Last February 4 to 6, 2014, the first ever meeting for the ICAO International Multidisciplinary Lithium Battery Transport Coordination was hosted by the Federal Aviation Administration (FAA) William J. Hughes Technical Center. Various ICAO representatives and other officials from the Pipeline and Hazardous Materials Safety Administration (PHMSA), European Aviation Safety Agency (EASA), United States Department of Transportation (FAA flight standards, hazardous materials, technical center, and airworthiness), and the International Coordinating Council of Aerospace Industries Associations (ICCAIA), as well as associates from the Rechargeable Battery Association (PRBA), experts of the Dangerous Goods Panel (DGP), and battery manufacturers (National Electrical Manufacturers Association (NEMA) were in attendance. The conference was conducted and hosted by the FAA Terminal Center director, Dennis Filler.
The meeting was divided into three parts:
1. Test demonstrations and presentations
It was found out that the batteries used in the tests were not really packaged to comply with dangerous goods transportation by air. Two methods were used to heat the cells into thermal runaway. One was with the use of a small alcohol fire to heat the cells and initiate thermal runaway. This provides a heat source that is low-intensity, which stimulates the temperature of a suppressed cargo compartment, while supplying ignition force for the electrolyte when it vents. The other method used in the tests involved an electric heater to increase the temperature of the cell to initiation of the thermal runaway, which is around 190 degrees Celsius for lithium metal batteries.
The chief of the ICAO flight operations section made a presentation regarding risk mitigation, which included detailed reference to the ICAO Safety Management Manual (SMM). He then presented a worksheet that indicates the hazard identification and risk mitigation process. With the analysis made, it was suggested that dangerous goods shipping, particularly the lithium metal batteries on passenger aircrafts posed serious risks under the current circumstances. The likelihood of an event occurring is remote, but the gravity of the consequences could be catastrophic.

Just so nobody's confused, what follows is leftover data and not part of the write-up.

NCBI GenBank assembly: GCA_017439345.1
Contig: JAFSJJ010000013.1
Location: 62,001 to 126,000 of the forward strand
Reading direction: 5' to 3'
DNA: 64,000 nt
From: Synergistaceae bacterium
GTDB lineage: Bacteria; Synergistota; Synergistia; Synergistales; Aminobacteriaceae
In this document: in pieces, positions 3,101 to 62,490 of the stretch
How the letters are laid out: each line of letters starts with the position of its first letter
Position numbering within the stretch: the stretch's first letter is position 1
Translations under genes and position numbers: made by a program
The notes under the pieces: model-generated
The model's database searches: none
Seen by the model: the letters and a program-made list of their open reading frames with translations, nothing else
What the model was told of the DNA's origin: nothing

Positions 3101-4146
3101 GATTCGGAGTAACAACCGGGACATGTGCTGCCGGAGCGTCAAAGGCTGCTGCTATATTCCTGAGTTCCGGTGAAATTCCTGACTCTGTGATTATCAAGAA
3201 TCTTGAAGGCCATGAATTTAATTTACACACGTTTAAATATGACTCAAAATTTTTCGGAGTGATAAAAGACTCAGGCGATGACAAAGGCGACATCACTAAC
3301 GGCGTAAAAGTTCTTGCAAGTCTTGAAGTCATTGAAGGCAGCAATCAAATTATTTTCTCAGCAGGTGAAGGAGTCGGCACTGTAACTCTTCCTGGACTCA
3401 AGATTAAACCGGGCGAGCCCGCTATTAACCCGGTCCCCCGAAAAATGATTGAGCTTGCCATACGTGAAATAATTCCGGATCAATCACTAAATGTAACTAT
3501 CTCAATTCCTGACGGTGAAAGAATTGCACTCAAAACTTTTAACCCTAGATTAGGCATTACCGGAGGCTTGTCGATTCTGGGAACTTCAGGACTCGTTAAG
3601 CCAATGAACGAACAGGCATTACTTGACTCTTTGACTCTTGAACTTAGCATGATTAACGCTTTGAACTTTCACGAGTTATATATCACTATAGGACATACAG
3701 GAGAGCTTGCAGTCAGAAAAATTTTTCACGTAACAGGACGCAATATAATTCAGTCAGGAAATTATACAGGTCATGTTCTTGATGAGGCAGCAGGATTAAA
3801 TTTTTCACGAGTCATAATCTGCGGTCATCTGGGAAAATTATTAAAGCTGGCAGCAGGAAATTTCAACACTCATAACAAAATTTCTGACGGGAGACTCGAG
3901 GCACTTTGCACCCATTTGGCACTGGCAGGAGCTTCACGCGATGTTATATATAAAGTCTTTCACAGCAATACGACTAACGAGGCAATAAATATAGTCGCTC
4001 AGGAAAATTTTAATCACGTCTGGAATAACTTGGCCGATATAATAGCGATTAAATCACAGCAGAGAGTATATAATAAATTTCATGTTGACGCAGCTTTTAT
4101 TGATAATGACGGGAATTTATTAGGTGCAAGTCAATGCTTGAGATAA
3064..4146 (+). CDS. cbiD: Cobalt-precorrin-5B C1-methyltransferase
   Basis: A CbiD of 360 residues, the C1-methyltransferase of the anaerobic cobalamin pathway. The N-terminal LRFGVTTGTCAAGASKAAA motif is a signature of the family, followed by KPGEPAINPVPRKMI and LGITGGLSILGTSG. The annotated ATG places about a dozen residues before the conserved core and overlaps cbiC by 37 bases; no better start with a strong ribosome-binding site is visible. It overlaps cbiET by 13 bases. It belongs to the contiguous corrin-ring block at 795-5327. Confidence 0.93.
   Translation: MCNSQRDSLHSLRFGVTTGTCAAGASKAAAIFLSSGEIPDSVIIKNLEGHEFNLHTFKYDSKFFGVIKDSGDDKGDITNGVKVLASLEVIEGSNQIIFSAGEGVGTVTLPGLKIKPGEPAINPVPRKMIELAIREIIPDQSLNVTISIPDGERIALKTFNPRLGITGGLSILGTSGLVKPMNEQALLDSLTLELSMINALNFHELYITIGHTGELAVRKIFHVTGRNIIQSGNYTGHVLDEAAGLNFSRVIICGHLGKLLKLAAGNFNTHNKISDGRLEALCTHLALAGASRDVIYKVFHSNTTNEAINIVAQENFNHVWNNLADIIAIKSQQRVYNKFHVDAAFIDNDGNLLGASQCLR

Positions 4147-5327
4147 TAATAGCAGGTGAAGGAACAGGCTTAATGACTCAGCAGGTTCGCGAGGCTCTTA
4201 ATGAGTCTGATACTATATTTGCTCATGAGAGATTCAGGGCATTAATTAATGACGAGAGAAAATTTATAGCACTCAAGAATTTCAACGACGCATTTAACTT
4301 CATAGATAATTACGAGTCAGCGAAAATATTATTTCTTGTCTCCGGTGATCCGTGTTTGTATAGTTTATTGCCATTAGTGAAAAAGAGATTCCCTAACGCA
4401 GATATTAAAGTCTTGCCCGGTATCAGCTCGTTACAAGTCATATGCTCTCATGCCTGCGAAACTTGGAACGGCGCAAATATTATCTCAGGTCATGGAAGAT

2. Other considerations
A discussion was made to focus on whether a distinction between a passenger and cargo aircraft for dangerous goods transport. It was acknowledged that the most commonly used fire suppressant on passenger aircrafts is not enough to deal with fires that involve such batteries. Hence, a general agreement was made that a distinction should be made because various mitigation strategies can be employed on cargo aircraft. There should also be a consideration of a further restriction, which can include a prohibition on the carriage on a passenger aircraft.
Additionally, it was recognized that fire suppression is one critical system contained in the FAA and EASA requirements, implying that when lithium metal batteries are to be transported by air, an operator would need to demonstrate an ability to control and keep the aircraft safe from a fire involving batteries.
3. Development and conclusions of recommendations
It was made clear to the group that the fires in flight that involve certain lithium metal battery types and quantities could possibly result in an uncontrolled fire and a tragic failure of the airframe. The multidisciplinary group was advised by the ICCAIA that there was a predication of the protection capabilities and certification of original equipment manufacturers’ airframes and systems on carriage of general cargo, not the unique hazards associated with dangerous goods shipping.